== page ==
The economic downturn we’ve experienced for the last few years is taking its toll on the workforce. Whether you work in a project environment or not, "Businesses expect a lot more out of their employees these day…" writes Anne Kadet for the Wall Street Journal. In her article, ‘Superjobs’: Why You Work More, Enjoy it Less, Kadet writes about organizations of all size who are expecting employees to "…take on extra tasks that have little to do with their primary roles and expertise—with engineers going on sales calls, accountants pitching in on customer service and chief financial officers running a division on the side. And some believe this shift is permanent, as the quickening pace of change demands more flexibility from everyone at the office."
Although I have always felt that it is a good idea for everyone in the organization to be willing to pitch in and help when times are tough, I worry that too much "pitching in" will do more than lead to burnout—it will lead to exhausted workers who are frustrated and unmotivated to do anything more than what they must to survive (I guess that’s the real definition of burnout, isn’t it?). Which is not an environment where project teams can creatively problem solve or invent and create. Ultimately, this type of environment will lead to an even greater project failure rate and ultimately organizational failure.
"Some experts say the superjob is the logical next step in management’s quest to make the workplace more cost efficient," writes Kadet. "The latest shift started when businesses redistributed the workload during the recession; last years nascent recovery intensified the process."
Kadet says that a recent survey conducted by Spherion Staffing suggests that 53 percent of workers surveyed last year have taken on new roles, most of them without pay (only 7% got a raise or a bonus). "Now that sales are picking up, there’s even more work to do, but companies are reluctant to hire, say human-resource experts. Some are anxious about what the economic future holds," she writes, "while others are seeing their profits increase now that that their workforces are leaner."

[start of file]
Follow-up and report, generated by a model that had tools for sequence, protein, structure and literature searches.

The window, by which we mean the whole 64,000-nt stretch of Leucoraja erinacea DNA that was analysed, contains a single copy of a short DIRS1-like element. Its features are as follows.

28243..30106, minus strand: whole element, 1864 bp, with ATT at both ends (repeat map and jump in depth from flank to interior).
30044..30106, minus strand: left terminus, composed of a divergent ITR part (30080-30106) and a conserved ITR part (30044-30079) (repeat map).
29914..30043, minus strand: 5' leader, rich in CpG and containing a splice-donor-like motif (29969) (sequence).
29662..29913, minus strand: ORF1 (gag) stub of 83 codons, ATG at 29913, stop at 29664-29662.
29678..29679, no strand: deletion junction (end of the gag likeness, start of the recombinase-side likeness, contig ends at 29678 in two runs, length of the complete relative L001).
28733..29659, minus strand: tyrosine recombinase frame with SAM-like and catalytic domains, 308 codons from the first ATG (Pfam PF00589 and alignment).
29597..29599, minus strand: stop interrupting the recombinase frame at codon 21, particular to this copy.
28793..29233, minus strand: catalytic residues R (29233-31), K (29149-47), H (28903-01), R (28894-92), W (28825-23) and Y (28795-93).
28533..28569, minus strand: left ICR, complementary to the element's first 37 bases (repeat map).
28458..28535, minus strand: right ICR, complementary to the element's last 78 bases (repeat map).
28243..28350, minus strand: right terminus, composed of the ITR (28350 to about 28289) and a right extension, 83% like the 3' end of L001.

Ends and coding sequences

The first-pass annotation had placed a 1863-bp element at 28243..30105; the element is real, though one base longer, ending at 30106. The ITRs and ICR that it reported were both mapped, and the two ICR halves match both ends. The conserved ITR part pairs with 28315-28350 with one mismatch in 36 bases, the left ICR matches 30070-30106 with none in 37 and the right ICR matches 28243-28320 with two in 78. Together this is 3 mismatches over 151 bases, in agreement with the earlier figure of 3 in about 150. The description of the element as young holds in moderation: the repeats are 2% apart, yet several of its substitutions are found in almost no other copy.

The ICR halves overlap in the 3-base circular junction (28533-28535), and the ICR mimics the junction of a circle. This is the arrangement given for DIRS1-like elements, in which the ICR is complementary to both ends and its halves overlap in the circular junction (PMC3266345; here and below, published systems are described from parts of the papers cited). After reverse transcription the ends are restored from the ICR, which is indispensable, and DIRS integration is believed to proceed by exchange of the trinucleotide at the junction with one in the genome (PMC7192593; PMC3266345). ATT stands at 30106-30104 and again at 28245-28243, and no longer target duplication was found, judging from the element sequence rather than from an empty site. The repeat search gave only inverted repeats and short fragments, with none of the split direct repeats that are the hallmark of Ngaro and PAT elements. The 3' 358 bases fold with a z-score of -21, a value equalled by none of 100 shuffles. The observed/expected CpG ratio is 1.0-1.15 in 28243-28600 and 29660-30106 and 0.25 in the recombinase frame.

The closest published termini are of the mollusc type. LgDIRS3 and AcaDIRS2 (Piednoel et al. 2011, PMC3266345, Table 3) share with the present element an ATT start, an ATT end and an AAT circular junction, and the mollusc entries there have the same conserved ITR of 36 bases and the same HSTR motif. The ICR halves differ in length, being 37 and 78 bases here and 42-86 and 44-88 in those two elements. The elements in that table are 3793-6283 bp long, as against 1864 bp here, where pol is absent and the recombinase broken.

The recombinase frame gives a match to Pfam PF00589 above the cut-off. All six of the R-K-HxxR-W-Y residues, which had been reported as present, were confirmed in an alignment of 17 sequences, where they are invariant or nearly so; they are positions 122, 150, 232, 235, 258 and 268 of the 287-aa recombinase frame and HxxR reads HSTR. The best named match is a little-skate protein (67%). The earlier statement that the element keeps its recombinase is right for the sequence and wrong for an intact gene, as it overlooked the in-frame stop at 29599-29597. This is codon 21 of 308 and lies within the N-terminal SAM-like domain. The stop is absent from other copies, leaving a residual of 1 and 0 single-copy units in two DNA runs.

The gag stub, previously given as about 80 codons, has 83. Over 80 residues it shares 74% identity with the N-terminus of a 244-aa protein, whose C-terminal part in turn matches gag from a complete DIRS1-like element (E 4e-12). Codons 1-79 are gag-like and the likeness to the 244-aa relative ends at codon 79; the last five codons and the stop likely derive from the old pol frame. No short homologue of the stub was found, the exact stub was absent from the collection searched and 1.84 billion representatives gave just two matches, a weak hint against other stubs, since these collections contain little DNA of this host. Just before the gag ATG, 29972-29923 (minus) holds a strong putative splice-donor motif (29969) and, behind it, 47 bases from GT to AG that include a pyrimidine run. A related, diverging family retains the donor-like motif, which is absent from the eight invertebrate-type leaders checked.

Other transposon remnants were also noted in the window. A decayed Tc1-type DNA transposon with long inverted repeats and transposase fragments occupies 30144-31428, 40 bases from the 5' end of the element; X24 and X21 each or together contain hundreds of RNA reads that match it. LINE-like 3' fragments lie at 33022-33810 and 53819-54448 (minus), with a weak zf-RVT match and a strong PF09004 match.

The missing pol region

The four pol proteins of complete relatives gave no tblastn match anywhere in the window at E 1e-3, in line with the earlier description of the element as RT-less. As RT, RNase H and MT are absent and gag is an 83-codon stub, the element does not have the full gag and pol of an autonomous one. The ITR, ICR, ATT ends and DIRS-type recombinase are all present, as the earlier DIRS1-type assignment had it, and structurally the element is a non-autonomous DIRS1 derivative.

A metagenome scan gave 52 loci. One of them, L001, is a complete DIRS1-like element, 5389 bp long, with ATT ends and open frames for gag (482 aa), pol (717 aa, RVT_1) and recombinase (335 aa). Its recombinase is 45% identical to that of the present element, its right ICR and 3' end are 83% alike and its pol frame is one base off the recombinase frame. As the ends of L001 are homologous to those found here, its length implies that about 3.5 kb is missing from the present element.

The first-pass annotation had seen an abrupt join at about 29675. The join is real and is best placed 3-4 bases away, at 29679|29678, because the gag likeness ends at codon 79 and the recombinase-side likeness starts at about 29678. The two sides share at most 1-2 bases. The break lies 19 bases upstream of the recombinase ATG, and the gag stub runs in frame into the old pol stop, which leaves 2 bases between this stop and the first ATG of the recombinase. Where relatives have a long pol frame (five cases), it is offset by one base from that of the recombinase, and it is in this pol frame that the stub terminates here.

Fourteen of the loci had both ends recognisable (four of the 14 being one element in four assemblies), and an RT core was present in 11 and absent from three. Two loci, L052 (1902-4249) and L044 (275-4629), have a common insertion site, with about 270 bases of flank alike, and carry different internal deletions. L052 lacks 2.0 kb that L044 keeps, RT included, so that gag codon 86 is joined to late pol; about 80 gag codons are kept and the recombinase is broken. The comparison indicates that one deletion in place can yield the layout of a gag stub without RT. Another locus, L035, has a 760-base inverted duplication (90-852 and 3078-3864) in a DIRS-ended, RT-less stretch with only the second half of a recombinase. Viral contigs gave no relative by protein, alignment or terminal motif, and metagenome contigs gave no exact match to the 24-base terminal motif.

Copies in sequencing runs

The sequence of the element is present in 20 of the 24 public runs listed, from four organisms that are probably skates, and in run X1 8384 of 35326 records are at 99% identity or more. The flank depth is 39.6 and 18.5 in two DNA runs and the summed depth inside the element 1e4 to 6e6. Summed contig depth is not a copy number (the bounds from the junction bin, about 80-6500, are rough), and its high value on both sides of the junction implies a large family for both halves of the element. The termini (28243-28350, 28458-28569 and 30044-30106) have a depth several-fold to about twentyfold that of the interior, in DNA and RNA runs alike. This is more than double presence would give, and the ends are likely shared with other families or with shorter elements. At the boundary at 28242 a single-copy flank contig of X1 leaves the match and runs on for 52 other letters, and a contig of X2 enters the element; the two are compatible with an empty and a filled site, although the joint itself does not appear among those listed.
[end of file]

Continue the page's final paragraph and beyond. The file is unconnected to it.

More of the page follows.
Although I believe there are probably a lot of great opportunities for careers to grow during this time, I agree with Kadet when she suggests that even the most hard-nosed bosses know they can only stretch employees so far. It’s pretty obvious that the current conditions are taking their tole on the workforce. "Indeed, a recent survey from the Conference Board found that just 43% of Americans are satisfied with their job—a record low," she says.
What does this mean for project teams and the workforce at large?
We’ve talked before about how multitasking can actually reduce productivity. In fact Kadet brings this up. We aren’t really neurologically wired to do dozens of unrelated things at once. At least we’re not wired to do them well. What’s more writes Kadet, "The sheer number of hours demanded by the superjob also can impair your performance as your brain gets fatigued, says Susan Koen, an organizational psychologist and consultant whose clients include Pfizer, Alcoa and Procter & Gamble."
According to Kadet, "Of course, the ultimate responsibility for workload management falls to the employee. Experts say that in many cases, employers have no idea how many tasks they’ve loaded on one person, so workers have to ‘manage up.’"
As project leaders, I think it’s important to have an understanding of all the work our project team members are engaged in. If we don’t have visibility into all work (not just project-based work), it makes realistic capacity planning problematic. Most people are not inclined to say no, so we need to help. I think that’s part of being an effective project leader.